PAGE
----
Storm highlights lack of support for homeless community

With extreme weather events like the recent atmospheric river becoming more commonplace, the homeless population is increasingly at risk

In just its third day of operation, the extreme weather shelter at the Kyle Centre had 13 people spending the night. Capacity is 15.

“It typically takes a month or so to get to capacity,” reflected Polly Krier, coordinator for the Tri-Cities Homelessness and Housing Task Group.

There has always been a need for homeless shelters in the coldest days of winter, Krier noted. But as climate change fuels extreme weather events, there’s an increasing need to be able to offer shelter during high winds and heavy rainfall.


“These are equally as dangerous for our homeless population – especially those who are living in the bush,” Krier noted.

Local news that matters to you

No one covers the Tri-Cities like we do. But we need your help to keep our community journalism sustainable.

However, there may also be a need to offer greater supports to people in precarious living situations.

One Port Coquitlam family was flooded out of their basement suite during the recent storm, Krier noted.

“They’re scrambling [with] what to do and what the next steps are.”

The Tri-Cities is in need of brick-and-mortar help as well as programs to help the homeless population, Krier said.

“We will always have a need for an emergency shelter but we definitely need more services to help our homeless population learn life skills again and have a warm place to sleep. . . . We have a shortage of that in the Tri-Cities. A severe shortage.”

In a broader sense, the Tri-Cities need to support a housing continuum, according to Krier.

“We need a shelter and we need transitional housing. We need supportive housing. We need low-income, subsidized, transitional, all the way up to affordable and market housing.”

With winter approaching, Krier is still looking for a service provider that can help offer overnight shelters for homeless people.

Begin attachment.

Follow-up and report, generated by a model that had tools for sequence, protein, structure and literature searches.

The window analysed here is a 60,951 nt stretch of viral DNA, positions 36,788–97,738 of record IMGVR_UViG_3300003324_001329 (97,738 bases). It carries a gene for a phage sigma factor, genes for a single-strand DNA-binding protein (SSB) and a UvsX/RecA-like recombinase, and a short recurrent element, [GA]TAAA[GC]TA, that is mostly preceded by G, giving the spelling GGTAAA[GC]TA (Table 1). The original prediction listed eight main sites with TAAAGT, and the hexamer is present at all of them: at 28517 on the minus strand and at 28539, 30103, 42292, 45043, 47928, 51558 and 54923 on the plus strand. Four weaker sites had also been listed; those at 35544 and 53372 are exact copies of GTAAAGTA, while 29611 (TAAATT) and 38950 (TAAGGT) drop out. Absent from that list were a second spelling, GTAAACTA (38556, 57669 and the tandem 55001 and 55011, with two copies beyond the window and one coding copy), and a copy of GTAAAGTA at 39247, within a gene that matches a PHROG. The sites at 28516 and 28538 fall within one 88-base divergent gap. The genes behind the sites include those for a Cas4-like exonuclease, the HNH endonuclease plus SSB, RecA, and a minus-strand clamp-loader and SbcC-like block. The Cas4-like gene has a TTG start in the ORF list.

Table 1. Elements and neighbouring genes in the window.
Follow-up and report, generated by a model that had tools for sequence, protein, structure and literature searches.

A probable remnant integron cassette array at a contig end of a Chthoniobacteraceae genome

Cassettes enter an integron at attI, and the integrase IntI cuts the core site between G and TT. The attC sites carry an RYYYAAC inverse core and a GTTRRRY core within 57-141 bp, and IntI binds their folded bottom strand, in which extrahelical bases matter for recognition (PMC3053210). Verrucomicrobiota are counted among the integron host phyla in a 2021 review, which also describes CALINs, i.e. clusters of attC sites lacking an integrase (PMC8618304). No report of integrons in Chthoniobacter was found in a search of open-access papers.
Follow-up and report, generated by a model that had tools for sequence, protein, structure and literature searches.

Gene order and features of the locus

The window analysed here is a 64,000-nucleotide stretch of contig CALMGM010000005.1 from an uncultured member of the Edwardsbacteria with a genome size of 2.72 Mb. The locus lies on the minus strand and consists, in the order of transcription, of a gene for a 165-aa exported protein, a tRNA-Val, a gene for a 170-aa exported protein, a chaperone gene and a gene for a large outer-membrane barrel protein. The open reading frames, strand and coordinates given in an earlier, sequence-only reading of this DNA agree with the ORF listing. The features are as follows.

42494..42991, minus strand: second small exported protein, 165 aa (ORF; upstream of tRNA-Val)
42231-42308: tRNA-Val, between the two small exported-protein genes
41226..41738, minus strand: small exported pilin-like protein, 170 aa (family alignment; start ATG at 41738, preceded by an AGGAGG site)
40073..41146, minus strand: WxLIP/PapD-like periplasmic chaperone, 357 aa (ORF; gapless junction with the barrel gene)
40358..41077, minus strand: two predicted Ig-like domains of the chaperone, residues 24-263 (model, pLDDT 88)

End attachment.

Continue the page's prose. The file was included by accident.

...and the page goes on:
Coquitlam recently approved the program but unless a service provider steps up, the shelter service may not be able open on Dec. 1 as planned.

“It’s not location, it’s not money,” Krier said. “It’s a service provider.”

Coquitlam council unanimously approved the shelter program Nov. 1. The plan is for the program to kick off Dec. 1 and rotate between four churches until March – but as of press time there is still no service provider to run the program.

Without an operator, “the program will be significantly reduced or not be able to run this season,” according to a city staff report.

Rather than walk-in shelters, residents of these temporary shelters would be driven to the church at around 8 p.m. in the evening and be taken back to where they were the following morning. If a resident wants to step outside for a cigarette or a breath of fresh air, they would have to be supervised by a volunteer.

Discussing the program earlier this month, Coquitlam Mayor Richard Stewart noted that it fell short of being a permanent solution.

“Right now we’re working with the province on trying to improve the operation of the permanent shelter – notwithstanding that it doesn’t meet the need here in the Tri-Cities,” he said, referring to3030 Gordon Avenue. “The city by itself can’t do anything,” he said.


Help us continue serving you!

The Tri-Cities Dispatch team and I are immensely proud of what we’ve built here and couldn’t have done it without the support of our readers. Will you join 191 of our readers and help keep Tri-Cities Dispatch accessible to everyone?

Help us reach 24 new monthly supporters.

This site uses cookies to provide you with a great user experience. By continuing to use this website, you consent to the use of cookies in accordance with our privacy policy.

Scroll to Top